Nick Schneider of the MAVEN mission joins Slooh for a discussion about Mars, as Siding Swing zooms by the red planet on the close approach!
Our Total Lunar Eclipse show on Wednesday, October 8th, 2014 was chock full of special guests! This included Deborah Byrd from earthsky.org, who talked with us about the unique visuals this eclipse had in store for us based on the Moon's particular position in the night sky that time around.
Lieutenant Colonel Lindley Johnson joined Geoff Fox and Bob Berman on Slooh to discuss the closest approach of Asteroid 2002 CU11. As Near Earth Object Programs Executive at NASA, our special guest had some spectacular insights and stories to share.
Alan Cummings, Voyager specialist, joined Slooh astronomer Bob Berman on Slooh's Voyager 1 interstellar anniversary special for a grand discussion of the Voyager 1 spacecraft's fantastic achievements and nail-biting adventures throughout history.
Darlene Cavalier's debut appearance with Slooh was on our Mega-Moon show. She is the founder of Science Cheerleaders, and had a great discussion with Bob Berman about science outreach and that great big Moon in our night sky.
Slooh celebrated the 45th anniversary of the first manned Moon landing. We watched the moon rise in Dubai via our live stream as special guests science journalist Andy Chaikin and documentarian Duncan Copp shared their stories.
Slooh tracked massive and newly discovered potentially hazardous asteroid 2014 HQ124 zipping by Earth on June 5th. Neil Cavuto from Fox Business did a segment on The Beast (named by Slooh) to highlight the risks of near-Earth Asteroids.
Slooh and NASA announce the signing of a Space Act Agreement to engage the public in astronomy. NASA is partnering with SLOOH to engage citizen scientists in the effort to track and characterize near-Earth asteroids. NASA also plans to partner with SLOOH on live astronomy events, starting with coverage of Comet 209P/LINEAR on Friday, May 23rd...
Geoff Fox is the newest member of our broadcast team. He was an award-winning meteorologist and science reporter in Connecticut before moving to sunny southern California. Now, he will share his broadcasting experience and enthusiasm for astronomy with the Slooh Community. He made his debut as the host of the annular solar eclipse on April 28th...
Dr. Green is a Royal Society University Research Fellow based at the Mullard Space Science Laboratory, UCL’s Department of Space and Climate Physics and studies activity in the atmosphere of our nearest star, the Sun. In particular, looking at immense magnetic fields in the Sun’s atmosphere which sporadically erupt into the Solar System.
Timothy Ferris, the renowned science writer, brought his extensive experience and knowledge to Slooh when he appeared as the guest expert on the coverage of the Total Lunar Eclipse on April 15. Ferris has written dozens of books including "Coming of Age in the Milky Way". He is currently an emeritus professor at UC - Berkeley.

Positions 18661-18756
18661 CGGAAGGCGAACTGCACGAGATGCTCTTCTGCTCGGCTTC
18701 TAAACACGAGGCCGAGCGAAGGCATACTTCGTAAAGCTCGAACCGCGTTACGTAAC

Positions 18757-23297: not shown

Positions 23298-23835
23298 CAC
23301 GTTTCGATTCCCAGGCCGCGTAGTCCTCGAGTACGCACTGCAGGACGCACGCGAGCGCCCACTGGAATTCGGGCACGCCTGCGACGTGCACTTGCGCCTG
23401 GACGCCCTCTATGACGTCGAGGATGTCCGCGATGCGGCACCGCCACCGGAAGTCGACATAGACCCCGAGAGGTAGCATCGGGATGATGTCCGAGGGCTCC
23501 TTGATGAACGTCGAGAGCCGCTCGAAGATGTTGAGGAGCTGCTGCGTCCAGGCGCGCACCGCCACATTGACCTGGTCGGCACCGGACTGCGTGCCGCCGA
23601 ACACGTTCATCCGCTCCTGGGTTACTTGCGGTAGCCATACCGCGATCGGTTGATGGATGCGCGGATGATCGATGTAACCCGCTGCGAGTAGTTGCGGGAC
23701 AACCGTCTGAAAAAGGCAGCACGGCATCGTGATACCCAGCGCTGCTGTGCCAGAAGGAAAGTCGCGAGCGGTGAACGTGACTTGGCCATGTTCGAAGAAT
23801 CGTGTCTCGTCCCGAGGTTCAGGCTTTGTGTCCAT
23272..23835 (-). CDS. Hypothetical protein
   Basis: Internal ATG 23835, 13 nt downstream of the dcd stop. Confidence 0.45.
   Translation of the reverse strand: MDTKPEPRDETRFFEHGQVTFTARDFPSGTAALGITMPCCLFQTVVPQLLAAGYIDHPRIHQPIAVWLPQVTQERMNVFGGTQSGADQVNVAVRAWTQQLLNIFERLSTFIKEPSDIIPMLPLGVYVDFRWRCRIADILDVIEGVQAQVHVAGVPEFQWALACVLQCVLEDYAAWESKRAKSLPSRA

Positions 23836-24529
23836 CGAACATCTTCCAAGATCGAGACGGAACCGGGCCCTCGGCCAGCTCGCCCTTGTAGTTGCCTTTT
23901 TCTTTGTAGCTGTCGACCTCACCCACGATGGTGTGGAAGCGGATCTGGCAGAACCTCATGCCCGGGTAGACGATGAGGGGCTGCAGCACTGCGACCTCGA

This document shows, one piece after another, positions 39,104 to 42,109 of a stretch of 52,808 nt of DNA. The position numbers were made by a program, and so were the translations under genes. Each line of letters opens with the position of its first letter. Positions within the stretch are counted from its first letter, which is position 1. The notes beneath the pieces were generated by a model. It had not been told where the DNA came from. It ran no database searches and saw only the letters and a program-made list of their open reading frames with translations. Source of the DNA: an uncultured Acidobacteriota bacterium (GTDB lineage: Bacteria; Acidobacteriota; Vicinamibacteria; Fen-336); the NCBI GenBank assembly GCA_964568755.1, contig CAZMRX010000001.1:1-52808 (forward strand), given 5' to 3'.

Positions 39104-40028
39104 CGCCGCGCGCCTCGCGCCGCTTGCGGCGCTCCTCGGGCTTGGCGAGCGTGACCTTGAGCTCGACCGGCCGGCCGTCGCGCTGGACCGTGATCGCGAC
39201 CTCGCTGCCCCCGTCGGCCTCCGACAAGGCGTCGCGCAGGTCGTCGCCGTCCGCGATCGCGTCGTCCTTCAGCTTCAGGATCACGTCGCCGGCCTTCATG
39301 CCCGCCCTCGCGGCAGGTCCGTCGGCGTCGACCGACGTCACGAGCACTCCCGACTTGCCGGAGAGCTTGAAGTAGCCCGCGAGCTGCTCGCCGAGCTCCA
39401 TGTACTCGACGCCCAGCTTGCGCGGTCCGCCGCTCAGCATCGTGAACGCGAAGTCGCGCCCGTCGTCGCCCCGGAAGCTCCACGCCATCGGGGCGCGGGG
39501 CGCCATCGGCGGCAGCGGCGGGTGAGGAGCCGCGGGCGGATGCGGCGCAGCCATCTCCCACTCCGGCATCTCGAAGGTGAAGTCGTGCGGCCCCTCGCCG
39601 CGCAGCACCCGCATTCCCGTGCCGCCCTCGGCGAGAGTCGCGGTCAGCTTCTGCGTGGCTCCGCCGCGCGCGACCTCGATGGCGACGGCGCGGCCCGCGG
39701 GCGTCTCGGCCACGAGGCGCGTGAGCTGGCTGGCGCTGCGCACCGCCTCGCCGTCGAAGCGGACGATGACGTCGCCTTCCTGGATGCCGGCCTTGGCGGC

If you are curious about the night sky, join the world's largest fellowship of citizen astronomers, active since 2003 in command of Slooh's observatories to image 40,000+ objects in the night sky and collaborate in research, discovery, promulgation and inspiration.
"This is so cool! I don't believe I have seen any satellites in HM (High Magnification view) that were put there on purpose. I know talk has gone on here, in the past, about how to go about tracking them and how accurate you need to be to catch it in the HM....pretty awesome if you ask me!"
With solar activity heating up, the Northern Lights have recently become spectacular to see from places beneath the "auroral oval" centered on the north magnetic pole. During this unique viewing window, Slooh astronomer Bob Berman and key telescope partner Matt Francis traveled to central Alaska to capture the majesty of this incredible event...
Hast thou seen the white asteroid, the length of 10 whaling vessels, not spied in some 14 years, whose orbit has now been lost, goes by the name Moby Dick? Find it for us, for all of humanity, and it'll be a dram of rum for you and your brethren, and a suitable frame of your accomplishment on this page for a year.
A bitter storm hit the Canary Islands on Monday, February 17. The storm covered Mt. Teide, the site of Slooh's flagship observatory, in snow and ice leaving the domes frozen shut. After the storm passed, Paul Cox, Slooh's Observatory Director, spent hours digging the domes out of the snow to prepare the telescopes for clear nights of stargazing...